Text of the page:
Five years of major projects at the Shriners Hospital for Children – Canada

medical, technological and human advances to support patients

The DNA Sequencing Project at the Shriners Hospital for Children – Canada (Shriners) combines several components of the MUSCO Initiative: the acquisition of cutting-edge equipment enabling significant advances in research, an inter-institutional collaboration with CHU Sainte-Justine with the hiring of a genetic counselor, and the combination of research and clinical advances enabled by the establishment of this new role. The project is based on a cutting-edge clinical program developed to identify mutations associated with hereditary musculoskeletal disorders.

Cutting-edge technological advances for a better understanding of hereditary diseases

The project got off to a concrete start with the acquisition of sequencing equipment, the first step in developing this clinical program. To this was added the acquisition of a nucleic acid extractor to increase the productivity of the molecular diagnostics laboratory. The impact this has had on patients is significant: better diagnosis and treatment of children with metabolic bone diseases. With this in mind, the Executive Committee subsequently approved the purchase of a new piece of equipment, an X-ray scanner, whose usefulness lies in measuring the microstructure of bones in the forearm and lower leg thanks to higher resolution images, thus enhancing the diagnosis carried out with patients.

The technological structures acquired have enabled :

  • 828 samples to be collected;
  • 642 genomes to be sequenced;
  • the DNA of 560 families to be sequenced. 

Bridging the gap and paving the way for other resources

But the project went beyond the acquisition of cutting-edge equipment. Discussions between the teams have led to a collaboration that was not initially envisaged when the Initiative was launched: the recruitment of a genetic counsellor as a link between CHU Sainte-Justine and the Shriners. There’s no doubt that this resource and the transversal position she occupies have greatly favored collaboration between the two centers in the development of the Sequencing project, and the cooperation is felt to be very positive by the professionals.

The counsellor facilitates the exchange of information between the teams at the two hospitals to optimize patient care, and follows up on all molecular analysis results. A loan-of-service agreement has been drawn up and signed specifically for this position, to enable this resource to access patient files at both facilities and thus facilitate collaboration.

It’s a safe bet that this approach could pave the way for other shared resources of this kind. While the Shriners teams had never before benefited from this type of expertise within their facility, they expressed that they didn’t know how to do without it now. And with good reason: the results of a survey distributed to professionals in November 2021 were very positive about her intervention, with 100% of respondents describing her response to requests as “Excellent”, the adaptation to the teams’ reality and context, the quality of exchanges and follow-ups, and this new resource’s ability to listen, empathize and be discreet.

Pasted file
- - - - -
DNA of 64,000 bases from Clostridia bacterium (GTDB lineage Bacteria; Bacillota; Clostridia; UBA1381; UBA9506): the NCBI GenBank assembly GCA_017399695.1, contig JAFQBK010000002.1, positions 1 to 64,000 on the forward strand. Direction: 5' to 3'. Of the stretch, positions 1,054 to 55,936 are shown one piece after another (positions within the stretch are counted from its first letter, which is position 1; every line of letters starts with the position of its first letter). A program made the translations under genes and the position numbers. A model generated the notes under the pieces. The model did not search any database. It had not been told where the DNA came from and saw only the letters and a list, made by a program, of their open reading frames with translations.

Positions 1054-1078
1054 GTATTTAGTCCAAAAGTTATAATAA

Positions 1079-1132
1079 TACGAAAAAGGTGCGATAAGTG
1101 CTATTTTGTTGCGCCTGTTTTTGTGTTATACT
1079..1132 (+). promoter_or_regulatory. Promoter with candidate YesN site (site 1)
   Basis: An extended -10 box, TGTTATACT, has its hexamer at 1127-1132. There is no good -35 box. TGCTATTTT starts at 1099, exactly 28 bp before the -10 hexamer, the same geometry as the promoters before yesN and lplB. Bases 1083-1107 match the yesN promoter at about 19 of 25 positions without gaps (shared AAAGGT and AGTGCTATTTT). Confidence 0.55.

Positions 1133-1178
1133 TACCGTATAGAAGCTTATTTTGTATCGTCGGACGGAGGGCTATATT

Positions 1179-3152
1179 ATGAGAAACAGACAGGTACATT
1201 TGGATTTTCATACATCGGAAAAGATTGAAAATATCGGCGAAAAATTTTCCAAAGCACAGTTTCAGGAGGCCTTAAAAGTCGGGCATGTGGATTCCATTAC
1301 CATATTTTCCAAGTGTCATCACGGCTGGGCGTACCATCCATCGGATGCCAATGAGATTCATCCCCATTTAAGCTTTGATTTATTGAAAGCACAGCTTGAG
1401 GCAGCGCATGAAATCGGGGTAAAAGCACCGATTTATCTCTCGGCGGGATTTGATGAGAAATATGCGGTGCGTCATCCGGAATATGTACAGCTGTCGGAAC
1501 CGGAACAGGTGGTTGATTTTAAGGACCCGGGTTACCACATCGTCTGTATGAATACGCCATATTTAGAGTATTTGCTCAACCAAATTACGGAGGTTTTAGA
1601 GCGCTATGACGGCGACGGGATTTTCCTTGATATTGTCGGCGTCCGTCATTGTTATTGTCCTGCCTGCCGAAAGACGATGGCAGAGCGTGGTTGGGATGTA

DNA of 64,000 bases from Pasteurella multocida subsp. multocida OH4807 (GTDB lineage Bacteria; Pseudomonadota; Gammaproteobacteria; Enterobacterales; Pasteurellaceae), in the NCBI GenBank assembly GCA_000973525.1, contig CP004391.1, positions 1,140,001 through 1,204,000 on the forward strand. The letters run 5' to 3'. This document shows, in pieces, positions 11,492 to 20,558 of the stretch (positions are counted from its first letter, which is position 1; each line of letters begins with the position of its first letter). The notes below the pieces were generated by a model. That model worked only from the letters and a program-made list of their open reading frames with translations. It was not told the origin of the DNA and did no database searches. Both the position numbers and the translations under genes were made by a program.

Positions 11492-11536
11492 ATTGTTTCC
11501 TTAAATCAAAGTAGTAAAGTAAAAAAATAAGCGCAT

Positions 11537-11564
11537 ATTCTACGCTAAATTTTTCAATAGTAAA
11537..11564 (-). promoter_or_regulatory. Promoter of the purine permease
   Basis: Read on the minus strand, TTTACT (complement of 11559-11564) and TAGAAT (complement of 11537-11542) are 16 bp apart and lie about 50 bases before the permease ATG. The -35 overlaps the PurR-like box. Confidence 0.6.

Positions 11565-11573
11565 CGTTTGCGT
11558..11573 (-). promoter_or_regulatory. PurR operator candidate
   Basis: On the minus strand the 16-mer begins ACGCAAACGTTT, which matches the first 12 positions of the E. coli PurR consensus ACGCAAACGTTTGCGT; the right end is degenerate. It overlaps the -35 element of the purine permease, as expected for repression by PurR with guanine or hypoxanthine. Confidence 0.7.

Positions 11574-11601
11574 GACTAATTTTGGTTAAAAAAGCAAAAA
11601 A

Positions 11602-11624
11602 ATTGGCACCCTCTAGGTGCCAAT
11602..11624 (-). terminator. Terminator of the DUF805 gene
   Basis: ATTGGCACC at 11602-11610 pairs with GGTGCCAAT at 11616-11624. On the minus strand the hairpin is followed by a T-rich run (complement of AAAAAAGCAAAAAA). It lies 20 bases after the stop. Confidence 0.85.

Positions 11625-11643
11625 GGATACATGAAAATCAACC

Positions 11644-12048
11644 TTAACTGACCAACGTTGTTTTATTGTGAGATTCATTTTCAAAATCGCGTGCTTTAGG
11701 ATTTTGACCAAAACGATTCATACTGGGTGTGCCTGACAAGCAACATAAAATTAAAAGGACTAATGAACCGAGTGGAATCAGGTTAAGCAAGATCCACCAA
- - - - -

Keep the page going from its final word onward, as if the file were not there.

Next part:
Helping families understand genetic diseases

The genetic counsellor’s clinical and research roles make her an invaluable resource for explaining and communicating sometimes complex genetic results to families in a clear and understandable way. Families are better able to understand the genetic aspects of their condition, and can rely on the counsellor as a point of contact in either of the two centers to answer any questions or concerns. Over the past year, the genetic counsellor has been present at the Bone Metabolism Clinic at the Shriners and at the Genetics Clinic for Bone Dysplasia and Musculoskeletal Conditions at both facilities, preparing cases, taking medical and/or family information, and explaining genetic analyses and results to families. She also ensures systematic follow-up of all test results.

On the more specific research front, she helps identify patients eligible for certain research projects, acts as a bridge and facilitates the obtaining of consents. For example, she has helped with recruitment for research projects related to rare musculoskeletal and neurological diseases such as congenital scoliosis, limb and dental anomalies, and exome sequencing for patients without a diagnosis.

I try to take as much time as possible to help patients understand the genetic aspects of their condition so that they feel well informed, as this information can often be quite complex. I also try to support families and act as a point of contact or resource person for them.

Valancy Miranda, Genetic Counsellor

What about the future? 

This major DNA Sequencing project will be taken forward as part of a more global program being developed across the Shriners Hospitals network in the USA. As for the genetic counsellor’s salary costs, these will now be borne by the respective departments of CHU Sainte-Justine and the Shriners, and a transition plan has been developed by the MUSCO team to ensure follow-up action on the position. 

The DNA Sequencing project, and the collaborative approach that the teams have been able to develop and maintain, is deeply rooted in the desire to make information accessible and understandable to patients, and we wish the teams every success in the future!

Photo Credits: Shriners Hospitals for Children – Canada and MUSCO